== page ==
Southern Company discussed its steady earnings growth and healthy dividend at a recent analyst meeting, and also provided operational details on the company, including an update on the status of two plants being built in the southeastern United States. (So you've finally decided to start investing. But what should you put in your portfolio? Find out here. Check out How To Pick A Stock.)

Use the Investopedia Stock Simulator to trade the stocks mentioned in this stock analysis, risk free!

Related Articles
  1. Mutual Funds & ETFs

    What Exactly Are Arbitrage Mutual Funds?

    Learn about arbitrage funds and how this type of investment generates profits by taking advantage of price differentials between the cash and futures markets.
  2. Investing News

    Ferrari’s IPO: Ready to Roll or Poor Timing?

    Will Ferrari's shares move fast off the line only to sputter later?
  3. Investing News

    Glencore Shares Surge in Hong Kong

    Shares of Glencore International, a leading multinational commodities and mining company, jumped by around 15% on London Stock Exchange, after the shares had gained about 71% earlier on the Hong ...
  4. Investing

    Have Commodities Bottomed?

    Commodity prices have been heading lower for more than four years, being the worst performing asset class of 2015 with more losses in cyclical commodities.
  5. Stock Analysis

    5 Cheap Dividend Stocks for a Bear Market

    Here are five stocks that pay safe dividends and should be at least somewhat resilient to a bear market.
  6. Investing

    How to Win More by Losing Less in Today’s Markets

    The further you fall, the harder it is to climb back up. It’s a universal truth that is painfully apparent in the investing world.
  7. Investing

    The Quinoa Quandary for Bolivian Farmers

    Growing global demand for quinoa has impacted Bolivian farmers' way of life. Should the American consumer be wary of buying this product?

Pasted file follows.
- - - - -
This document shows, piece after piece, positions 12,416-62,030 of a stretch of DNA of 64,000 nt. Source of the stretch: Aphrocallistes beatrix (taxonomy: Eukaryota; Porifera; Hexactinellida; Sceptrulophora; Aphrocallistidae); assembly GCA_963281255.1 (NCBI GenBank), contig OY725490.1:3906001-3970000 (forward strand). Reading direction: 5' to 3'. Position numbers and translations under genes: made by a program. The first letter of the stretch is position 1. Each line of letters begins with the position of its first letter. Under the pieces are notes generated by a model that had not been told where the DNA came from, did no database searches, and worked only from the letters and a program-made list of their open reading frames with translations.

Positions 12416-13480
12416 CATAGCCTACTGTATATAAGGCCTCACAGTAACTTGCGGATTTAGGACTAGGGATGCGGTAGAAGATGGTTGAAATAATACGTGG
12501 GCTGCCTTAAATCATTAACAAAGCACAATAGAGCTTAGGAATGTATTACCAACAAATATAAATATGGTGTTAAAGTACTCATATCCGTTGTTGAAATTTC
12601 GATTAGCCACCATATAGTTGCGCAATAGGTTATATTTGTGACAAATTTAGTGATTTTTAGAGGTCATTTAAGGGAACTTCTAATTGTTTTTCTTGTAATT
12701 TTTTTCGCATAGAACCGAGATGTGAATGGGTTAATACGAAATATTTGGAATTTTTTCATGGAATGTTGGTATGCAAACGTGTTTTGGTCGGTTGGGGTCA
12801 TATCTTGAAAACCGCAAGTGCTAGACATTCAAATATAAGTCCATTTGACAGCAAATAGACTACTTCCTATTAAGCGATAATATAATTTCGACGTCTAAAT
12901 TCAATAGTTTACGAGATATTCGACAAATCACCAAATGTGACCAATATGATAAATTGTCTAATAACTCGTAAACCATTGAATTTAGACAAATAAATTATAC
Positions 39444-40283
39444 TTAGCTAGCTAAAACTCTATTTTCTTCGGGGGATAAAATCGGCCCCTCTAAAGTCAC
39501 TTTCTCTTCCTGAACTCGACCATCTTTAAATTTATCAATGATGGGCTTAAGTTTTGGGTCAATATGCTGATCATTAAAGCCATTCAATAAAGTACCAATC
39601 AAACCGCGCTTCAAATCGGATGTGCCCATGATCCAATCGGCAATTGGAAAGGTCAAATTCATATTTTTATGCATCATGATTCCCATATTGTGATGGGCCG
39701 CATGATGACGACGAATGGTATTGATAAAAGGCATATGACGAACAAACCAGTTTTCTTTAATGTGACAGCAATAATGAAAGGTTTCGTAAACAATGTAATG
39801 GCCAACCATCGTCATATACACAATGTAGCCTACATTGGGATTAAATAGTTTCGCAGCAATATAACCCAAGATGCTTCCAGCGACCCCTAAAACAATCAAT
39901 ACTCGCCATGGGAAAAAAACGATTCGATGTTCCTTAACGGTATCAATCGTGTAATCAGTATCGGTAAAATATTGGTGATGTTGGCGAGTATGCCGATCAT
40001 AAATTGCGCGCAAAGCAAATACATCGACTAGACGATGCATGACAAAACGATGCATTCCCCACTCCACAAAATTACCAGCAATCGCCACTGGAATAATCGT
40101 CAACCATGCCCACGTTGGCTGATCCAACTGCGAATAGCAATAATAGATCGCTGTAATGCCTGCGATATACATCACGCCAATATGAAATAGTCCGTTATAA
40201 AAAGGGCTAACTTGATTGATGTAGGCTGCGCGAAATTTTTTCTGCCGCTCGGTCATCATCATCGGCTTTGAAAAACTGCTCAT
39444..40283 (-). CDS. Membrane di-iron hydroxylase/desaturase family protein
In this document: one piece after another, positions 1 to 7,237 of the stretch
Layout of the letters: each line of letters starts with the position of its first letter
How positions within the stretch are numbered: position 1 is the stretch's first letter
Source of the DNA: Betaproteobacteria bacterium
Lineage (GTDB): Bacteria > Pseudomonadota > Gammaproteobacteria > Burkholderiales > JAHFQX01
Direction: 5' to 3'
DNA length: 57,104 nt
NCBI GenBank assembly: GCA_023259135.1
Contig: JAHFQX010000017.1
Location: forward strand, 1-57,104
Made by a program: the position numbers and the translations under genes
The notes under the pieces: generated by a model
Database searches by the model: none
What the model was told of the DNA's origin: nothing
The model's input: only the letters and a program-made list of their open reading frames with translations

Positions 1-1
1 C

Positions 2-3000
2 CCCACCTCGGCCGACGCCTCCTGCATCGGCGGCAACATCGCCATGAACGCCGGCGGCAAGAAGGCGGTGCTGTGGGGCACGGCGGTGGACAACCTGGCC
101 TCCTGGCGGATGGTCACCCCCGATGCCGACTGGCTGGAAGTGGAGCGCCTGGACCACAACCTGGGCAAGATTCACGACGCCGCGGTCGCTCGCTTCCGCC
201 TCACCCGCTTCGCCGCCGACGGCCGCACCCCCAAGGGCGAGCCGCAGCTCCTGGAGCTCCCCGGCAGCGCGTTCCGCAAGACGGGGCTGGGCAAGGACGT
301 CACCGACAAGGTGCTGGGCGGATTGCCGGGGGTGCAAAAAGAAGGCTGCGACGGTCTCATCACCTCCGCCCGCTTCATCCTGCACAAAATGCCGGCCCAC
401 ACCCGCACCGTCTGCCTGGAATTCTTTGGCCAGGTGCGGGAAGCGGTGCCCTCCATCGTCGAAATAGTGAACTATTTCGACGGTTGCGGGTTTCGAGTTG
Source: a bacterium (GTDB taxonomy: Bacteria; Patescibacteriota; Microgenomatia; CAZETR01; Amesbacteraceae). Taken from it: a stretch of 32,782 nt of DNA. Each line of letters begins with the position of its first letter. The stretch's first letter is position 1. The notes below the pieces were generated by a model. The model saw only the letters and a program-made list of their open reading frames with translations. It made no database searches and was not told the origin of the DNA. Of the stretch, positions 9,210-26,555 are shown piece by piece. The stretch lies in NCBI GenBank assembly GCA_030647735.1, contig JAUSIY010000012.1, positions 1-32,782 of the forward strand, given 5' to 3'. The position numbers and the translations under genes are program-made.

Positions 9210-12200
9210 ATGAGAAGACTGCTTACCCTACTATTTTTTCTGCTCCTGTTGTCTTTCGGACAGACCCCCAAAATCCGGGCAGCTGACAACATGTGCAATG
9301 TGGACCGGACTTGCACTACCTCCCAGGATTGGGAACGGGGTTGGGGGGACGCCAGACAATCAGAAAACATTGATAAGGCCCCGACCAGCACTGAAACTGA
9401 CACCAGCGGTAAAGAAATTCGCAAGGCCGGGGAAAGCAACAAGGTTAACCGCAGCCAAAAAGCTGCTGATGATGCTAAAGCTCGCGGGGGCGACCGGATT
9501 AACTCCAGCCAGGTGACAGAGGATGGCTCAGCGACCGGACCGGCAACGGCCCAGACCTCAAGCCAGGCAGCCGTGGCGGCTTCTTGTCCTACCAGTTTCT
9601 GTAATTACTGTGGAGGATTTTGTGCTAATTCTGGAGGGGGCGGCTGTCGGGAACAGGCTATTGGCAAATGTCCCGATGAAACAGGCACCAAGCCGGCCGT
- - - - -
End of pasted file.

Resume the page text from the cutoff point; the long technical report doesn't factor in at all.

8. Fundamental Analysis

    Use Options Data To Predict Stock Market Direction

    Options market trading data can provide important insights about the direction of stocks and the overall market. Here’s how to track it.
  9. Stock Analysis

    2 Oil Stocks to Buy Right Now (PSX,TSO)

    Can these two oil stocks buck the trend?
  10. Investing News

    What Alcoa’s (AA) Breakup Means for Investors

    Alcoa plans to split into two companies. Is this a bullish catalyst for investors?
  1. Can working capital be too high?

    A company's working capital ratio can be too high in the sense that an excessively high ratio is generally considered an ... Read Full Answer >>
  2. How do I use discounted cash flow (DCF) to value stock?

    Discounted cash flow (DCF) analysis can be a very helpful tool for analysts and investors in equity valuation. It provides ... Read Full Answer >>
  3. How do dividends affect retained earnings?

    When a company issues a cash dividend to its shareholders, the retained earnings listed on the balance sheet are reduced ... Read Full Answer >>
  4. What is the formula for calculating compound annual growth rate (CAGR) in Excel?

    The compound annual growth rate, or CAGR for short, measures the return on an investment over a certain period of time. Below ... Read Full Answer >>
  5. What is the difference between called-up share capital and paid-up share capital?

    The difference between called-up share capital and paid-up share capital is investors have already paid in full for paid-up ... Read Full Answer >>
  6. When does the fixed charge coverage ratio suggest that a company should stop borrowing ...

    Since the fixed charge coverage ratio indicates the number of times a company is capable of making its fixed charge payments ... Read Full Answer >>

You May Also Like

Trading Center
You are using adblocking software

Want access to all of Investopedia? Add us to your “whitelist”
so you'll never miss a feature!